After my brief work-related hiatus, I propose starting with this article next week for a discussion “Use of Humour in Case Management with High Risk Children and Families” by Gilgun and Sharma and published in the British Journal of Social Work 2011 (vol 42 issue 3). The article is open access and I think it presents a lot of interesting points that can be extrapolated to the way we, as social workers, we do and could use humour in all the areas we work in. I don’t have any experience of working with children so hopefully others can join in with their own experiences in that perspective but having looked through the article, I think a lot of the situations and learning can be discussed in a broader sense.

 

Over the week, I’ll write up some of my thoughts and a summary of the article but read and enjoy and join me at the new, improved (hopefully, as it was chosen by democratically!) time of Sunday 17th November at 8pm GMT.





Next Social Work Journal Club chat 3/11/13 #swjcchat Postponed to 17/11/13

22 10 2013

Update: Apologies for the postponement/hiatus of the Social Work Journal Club. I’ve been incredibly busy and had to prioritise work-related stuff so have not been able to prepare another article/chat. I will be back on 17/11/13 though at 8pm GMT.

 

Thanks for your patience.





Choose a Day/Time – Social Work Journal Club

13 10 2013

When I started this, I chose fortnightly chats at 8pm on Thursday randomly. I’d like to know if this a time that is convenient for people so here’s a poll! I’ll close it in a week – next Sunday. I make no apologies, ok, a slight apology, for only suggesting days/times I’m available – that’s why some slots are missing!  Note: Times are BST (British Summer Time)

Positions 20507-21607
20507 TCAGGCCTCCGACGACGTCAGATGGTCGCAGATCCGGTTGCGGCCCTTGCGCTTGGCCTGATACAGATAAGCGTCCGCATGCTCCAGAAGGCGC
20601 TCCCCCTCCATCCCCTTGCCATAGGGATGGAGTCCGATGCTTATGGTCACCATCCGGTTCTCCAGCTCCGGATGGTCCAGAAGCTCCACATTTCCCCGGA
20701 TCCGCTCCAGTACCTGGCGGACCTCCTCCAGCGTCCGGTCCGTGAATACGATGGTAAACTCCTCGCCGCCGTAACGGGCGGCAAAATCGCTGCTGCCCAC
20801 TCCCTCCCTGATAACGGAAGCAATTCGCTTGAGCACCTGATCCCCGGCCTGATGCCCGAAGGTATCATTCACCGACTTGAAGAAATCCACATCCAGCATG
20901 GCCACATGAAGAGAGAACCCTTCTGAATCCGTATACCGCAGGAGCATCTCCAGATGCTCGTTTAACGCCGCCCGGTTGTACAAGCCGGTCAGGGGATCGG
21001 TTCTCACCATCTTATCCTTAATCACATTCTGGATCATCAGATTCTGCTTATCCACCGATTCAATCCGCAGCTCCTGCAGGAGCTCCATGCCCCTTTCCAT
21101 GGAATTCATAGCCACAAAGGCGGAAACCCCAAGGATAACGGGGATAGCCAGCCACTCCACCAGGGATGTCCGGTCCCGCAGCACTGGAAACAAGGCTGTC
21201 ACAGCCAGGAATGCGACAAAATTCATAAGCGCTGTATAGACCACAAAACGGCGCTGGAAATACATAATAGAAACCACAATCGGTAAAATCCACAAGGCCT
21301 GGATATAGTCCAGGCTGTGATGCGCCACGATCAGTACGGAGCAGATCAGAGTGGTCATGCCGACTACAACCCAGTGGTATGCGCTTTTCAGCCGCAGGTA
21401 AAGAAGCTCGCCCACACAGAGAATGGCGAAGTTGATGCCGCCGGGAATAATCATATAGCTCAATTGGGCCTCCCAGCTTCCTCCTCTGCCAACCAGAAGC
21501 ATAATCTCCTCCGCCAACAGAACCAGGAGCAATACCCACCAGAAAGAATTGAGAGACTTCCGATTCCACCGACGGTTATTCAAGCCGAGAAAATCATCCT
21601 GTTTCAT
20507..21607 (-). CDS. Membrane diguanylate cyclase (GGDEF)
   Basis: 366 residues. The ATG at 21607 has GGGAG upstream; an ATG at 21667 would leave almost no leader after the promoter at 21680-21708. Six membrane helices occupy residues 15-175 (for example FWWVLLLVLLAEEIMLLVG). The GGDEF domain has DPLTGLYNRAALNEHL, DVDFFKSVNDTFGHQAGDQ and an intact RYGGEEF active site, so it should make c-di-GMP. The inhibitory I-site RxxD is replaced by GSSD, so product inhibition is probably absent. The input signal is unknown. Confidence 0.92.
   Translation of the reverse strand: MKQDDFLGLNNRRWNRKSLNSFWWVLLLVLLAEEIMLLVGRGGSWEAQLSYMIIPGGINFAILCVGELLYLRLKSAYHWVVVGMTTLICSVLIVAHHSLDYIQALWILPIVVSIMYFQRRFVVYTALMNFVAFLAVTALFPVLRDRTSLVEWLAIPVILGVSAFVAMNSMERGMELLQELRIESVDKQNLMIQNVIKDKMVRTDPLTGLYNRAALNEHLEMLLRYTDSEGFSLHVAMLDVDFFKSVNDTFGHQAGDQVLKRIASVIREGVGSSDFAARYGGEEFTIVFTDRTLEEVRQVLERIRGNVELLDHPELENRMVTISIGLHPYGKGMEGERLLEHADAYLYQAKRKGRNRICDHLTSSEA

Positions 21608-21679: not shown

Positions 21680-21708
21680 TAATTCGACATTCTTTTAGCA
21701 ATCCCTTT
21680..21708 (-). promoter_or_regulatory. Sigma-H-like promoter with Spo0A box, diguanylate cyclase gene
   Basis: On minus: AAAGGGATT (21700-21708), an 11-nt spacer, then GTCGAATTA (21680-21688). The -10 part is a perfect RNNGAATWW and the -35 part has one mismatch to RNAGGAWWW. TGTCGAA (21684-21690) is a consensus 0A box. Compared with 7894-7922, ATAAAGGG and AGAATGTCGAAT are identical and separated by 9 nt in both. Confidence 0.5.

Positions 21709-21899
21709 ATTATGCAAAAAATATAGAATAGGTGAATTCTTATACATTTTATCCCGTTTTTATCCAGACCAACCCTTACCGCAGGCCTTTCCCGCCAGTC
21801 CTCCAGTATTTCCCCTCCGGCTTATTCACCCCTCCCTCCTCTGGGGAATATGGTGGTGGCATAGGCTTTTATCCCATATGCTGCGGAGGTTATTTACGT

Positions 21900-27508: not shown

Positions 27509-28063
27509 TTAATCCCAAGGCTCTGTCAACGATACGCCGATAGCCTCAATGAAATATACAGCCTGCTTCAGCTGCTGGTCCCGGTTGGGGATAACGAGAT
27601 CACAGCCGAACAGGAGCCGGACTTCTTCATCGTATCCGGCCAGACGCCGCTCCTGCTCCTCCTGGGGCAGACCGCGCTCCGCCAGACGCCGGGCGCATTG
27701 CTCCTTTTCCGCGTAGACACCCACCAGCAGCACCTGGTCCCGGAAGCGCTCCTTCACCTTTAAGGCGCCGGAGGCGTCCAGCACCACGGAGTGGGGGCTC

Critical Reflection – A Discussion

13 10 2013

This is a link to the discussion we had on 10/10/13. Thanks so much for everyone who joined in!





“Critical Reflection – reflecting on learning to be reflective” Social Work Journal Club Chat 10/10/13 8pm BST

2 10 2013

This is the article chosen for this week’s chat. It’s “Critical Reflection – reflecting on learning to be reflective” by Helen Hickson and was published in “Reflective Practice” Vol 12 No 6 Dec 2011.  My thoughts are shorter than usual, partly because I hope more people will go to source and read the article itself – it does a far better job of explaining than me summarising – but also because I’ve been extraordinarily busy this week!  It is quite different from a lot of research papers in that it is written from a very personal perspective. As Hickson  opens

This paper is a personal reflection of my experience as a social worker engaged in postgraduate study in critical reflection

While being about reflection, it is also a reflection and hope it will open the door for us to discuss how and why we reflect and how we develop reflective skills in practice and in study.  Hickson starts by exploring what ‘reflection’ actually is which is a good question. Mostly, she notes in the introduction, it is a concept without a firm definition and can mean different things to different people. It would be hard to find someone who doesn’t claim to be a ‘reflective practitioner’ but that can look very different. She says